October 1st to 7th is Mental Illness Awareness Week, an opportunity to raise awareness and combat the stigma associated with mental illness. About 1 in 5 Canadians experience mental illness each year, yet there remains a significant gap in understanding mental illness and its impact on individuals’ lives.
What is the difference between mental health and mental illness?
Understanding Mental Health
Mental health describes a person’s emotional, psychological, and social well-being. It relates to an individual’s ability to manage stress, build healthy relationships, make choices, and adapt to life’s challenges.
Key characteristics of mental health include:
- Emotional Resilience: Individuals with good mental health can effectively manage their emotions, from joy and contentment to sadness and frustration. They can bounce back from setbacks and adapt to changes.
- Positive Relationships: Healthy mental well-being is closely tied to the ability to form and maintain fulfilling relationships with friends, family, and colleagues.
- Coping Skills: A mentally healthy person possesses effective coping strategies to handle stressors and life’s ups and downs.
- Self-acceptance: Accepting oneself, flaws and all, is an essential aspect of mental health. Self-esteem and self-worth contribute to overall well-being.
Understanding Mental Illness
On the other hand, mental illness refers to a range of diagnosable conditions that affect an individual’s thoughts, emotions, behavior, or mood. Mental illnesses can disrupt one’s ability to function in daily life and may require professional treatment. These conditions vary in severity and can include depression, anxiety disorders, schizophrenia, bipolar disorder, and many others.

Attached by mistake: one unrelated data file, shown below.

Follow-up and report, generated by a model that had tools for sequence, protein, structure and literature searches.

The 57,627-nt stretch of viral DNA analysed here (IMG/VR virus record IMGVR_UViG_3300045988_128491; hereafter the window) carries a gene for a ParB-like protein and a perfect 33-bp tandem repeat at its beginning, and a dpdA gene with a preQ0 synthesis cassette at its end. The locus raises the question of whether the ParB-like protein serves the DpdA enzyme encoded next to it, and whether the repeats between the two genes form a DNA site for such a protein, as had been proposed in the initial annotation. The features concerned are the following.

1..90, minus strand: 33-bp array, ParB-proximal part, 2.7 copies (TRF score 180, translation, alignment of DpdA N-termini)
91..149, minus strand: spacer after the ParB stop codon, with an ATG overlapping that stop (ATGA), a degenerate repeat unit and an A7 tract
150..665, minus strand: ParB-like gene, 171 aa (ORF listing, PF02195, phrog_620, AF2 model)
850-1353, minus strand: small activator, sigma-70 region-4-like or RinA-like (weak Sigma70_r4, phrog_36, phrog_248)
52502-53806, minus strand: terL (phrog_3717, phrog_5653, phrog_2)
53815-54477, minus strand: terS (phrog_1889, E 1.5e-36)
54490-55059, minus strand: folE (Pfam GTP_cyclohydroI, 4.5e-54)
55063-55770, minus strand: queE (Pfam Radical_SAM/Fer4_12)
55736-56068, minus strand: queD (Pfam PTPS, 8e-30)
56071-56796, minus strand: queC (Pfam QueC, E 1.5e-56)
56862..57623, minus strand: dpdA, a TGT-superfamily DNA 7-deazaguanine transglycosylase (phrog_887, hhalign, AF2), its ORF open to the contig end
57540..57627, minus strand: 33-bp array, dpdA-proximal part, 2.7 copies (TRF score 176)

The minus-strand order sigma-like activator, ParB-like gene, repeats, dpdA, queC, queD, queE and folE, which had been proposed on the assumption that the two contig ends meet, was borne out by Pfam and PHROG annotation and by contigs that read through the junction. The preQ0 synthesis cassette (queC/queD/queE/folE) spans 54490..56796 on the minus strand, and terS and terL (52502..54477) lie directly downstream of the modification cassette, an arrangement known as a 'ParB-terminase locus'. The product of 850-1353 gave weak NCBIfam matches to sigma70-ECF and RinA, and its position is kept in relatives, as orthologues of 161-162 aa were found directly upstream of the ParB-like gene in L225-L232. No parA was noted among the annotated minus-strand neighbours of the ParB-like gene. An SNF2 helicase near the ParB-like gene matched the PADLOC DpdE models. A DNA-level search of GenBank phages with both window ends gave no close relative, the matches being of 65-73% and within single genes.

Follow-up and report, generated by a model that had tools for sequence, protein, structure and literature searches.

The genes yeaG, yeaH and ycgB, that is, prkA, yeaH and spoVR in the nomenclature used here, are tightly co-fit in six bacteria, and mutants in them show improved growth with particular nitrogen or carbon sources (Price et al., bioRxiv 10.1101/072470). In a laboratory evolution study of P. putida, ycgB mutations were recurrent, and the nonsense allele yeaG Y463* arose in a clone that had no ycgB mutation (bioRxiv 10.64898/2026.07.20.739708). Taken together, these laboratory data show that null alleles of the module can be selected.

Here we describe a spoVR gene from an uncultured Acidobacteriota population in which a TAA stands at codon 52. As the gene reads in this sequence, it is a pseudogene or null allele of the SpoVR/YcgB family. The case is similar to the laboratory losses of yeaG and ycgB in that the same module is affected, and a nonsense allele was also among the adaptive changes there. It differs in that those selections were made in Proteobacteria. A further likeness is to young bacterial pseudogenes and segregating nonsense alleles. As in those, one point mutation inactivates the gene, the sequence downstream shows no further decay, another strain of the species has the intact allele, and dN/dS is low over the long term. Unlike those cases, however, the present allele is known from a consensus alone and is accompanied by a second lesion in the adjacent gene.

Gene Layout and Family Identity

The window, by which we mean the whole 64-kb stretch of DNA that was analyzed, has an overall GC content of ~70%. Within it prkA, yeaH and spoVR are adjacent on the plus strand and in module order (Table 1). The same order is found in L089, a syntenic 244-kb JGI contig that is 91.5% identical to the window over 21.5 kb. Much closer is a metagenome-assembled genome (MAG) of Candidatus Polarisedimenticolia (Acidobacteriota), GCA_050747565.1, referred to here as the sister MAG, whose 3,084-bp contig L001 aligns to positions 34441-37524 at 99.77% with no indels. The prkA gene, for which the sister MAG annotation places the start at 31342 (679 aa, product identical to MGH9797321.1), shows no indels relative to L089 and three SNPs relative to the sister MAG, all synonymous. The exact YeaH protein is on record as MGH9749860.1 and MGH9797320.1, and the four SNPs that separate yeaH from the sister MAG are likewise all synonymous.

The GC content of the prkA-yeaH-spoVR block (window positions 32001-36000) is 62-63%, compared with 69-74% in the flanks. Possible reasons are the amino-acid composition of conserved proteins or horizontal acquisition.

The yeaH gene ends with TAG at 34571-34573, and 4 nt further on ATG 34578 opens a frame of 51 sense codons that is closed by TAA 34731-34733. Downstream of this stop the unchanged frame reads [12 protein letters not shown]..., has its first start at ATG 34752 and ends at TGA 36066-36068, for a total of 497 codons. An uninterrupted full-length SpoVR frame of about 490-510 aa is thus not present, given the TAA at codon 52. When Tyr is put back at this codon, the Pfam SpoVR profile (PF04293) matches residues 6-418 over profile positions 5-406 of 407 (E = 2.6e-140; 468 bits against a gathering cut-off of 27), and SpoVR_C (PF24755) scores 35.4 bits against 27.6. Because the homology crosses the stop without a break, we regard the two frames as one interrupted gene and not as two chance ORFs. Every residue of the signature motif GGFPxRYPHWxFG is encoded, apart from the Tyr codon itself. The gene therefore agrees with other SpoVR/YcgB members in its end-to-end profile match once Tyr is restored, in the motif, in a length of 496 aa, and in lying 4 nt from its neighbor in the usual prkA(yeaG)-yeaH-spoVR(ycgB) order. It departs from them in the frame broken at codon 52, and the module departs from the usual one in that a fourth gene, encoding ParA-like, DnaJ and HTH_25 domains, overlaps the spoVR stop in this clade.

Key characteristics of mental illness include:
- Diagnostic Criteria: Mental illnesses are typically diagnosed based on specific criteria outlined in diagnostic manuals like the Diagnostic and Statistical Manual of Mental Disorders (DSM-5).
- Impairment: Mental illnesses can lead to significant impairment in various aspects of life, such as work, relationships, and personal well-being.
- Professional Intervention: Many individuals with mental illness benefit from treatment, which may involve therapy, medication, or a combination of both. Programs such as CMHA’s Clinical Therapy program and Ontario Structured Psychotherapy program are here for you.
How do Mental Health and Mental Illness relate to each other?
Mental health isn’t simply the absence of mental illness and living with a mental illness doesn’t mean you can’t have good mental health. Just like someone with diabetes, for example, can live a healthy life, so can somebody with a mental illness. And even if you don’t have a mental illness, that doesn’t mean you’ll feel great all the time. You might experience stress, a difficult life event, or burnout. Just like anyone can catch a cold or flu, everyone can experience the ebbs and flow of well-being.
Promoting Mental Well-being
During Mental Illness Awareness week, it is important to highlight the need for improving mental well-being. This involves not only addressing mental illness but also nurturing mental health. It requires creating environments that foster emotional resilience, providing access to mental health services, and erasing the stigma surrounding mental illness.
Gaining a better understanding of mental illness can promote empathy, reduce stigma, and encourage individuals to seek help when needed.
Remember, it’s okay not to be okay sometimes, and seeking help is a sign of strength, not weakness. We’re here for you. Click here for a list of our 30+ free programs.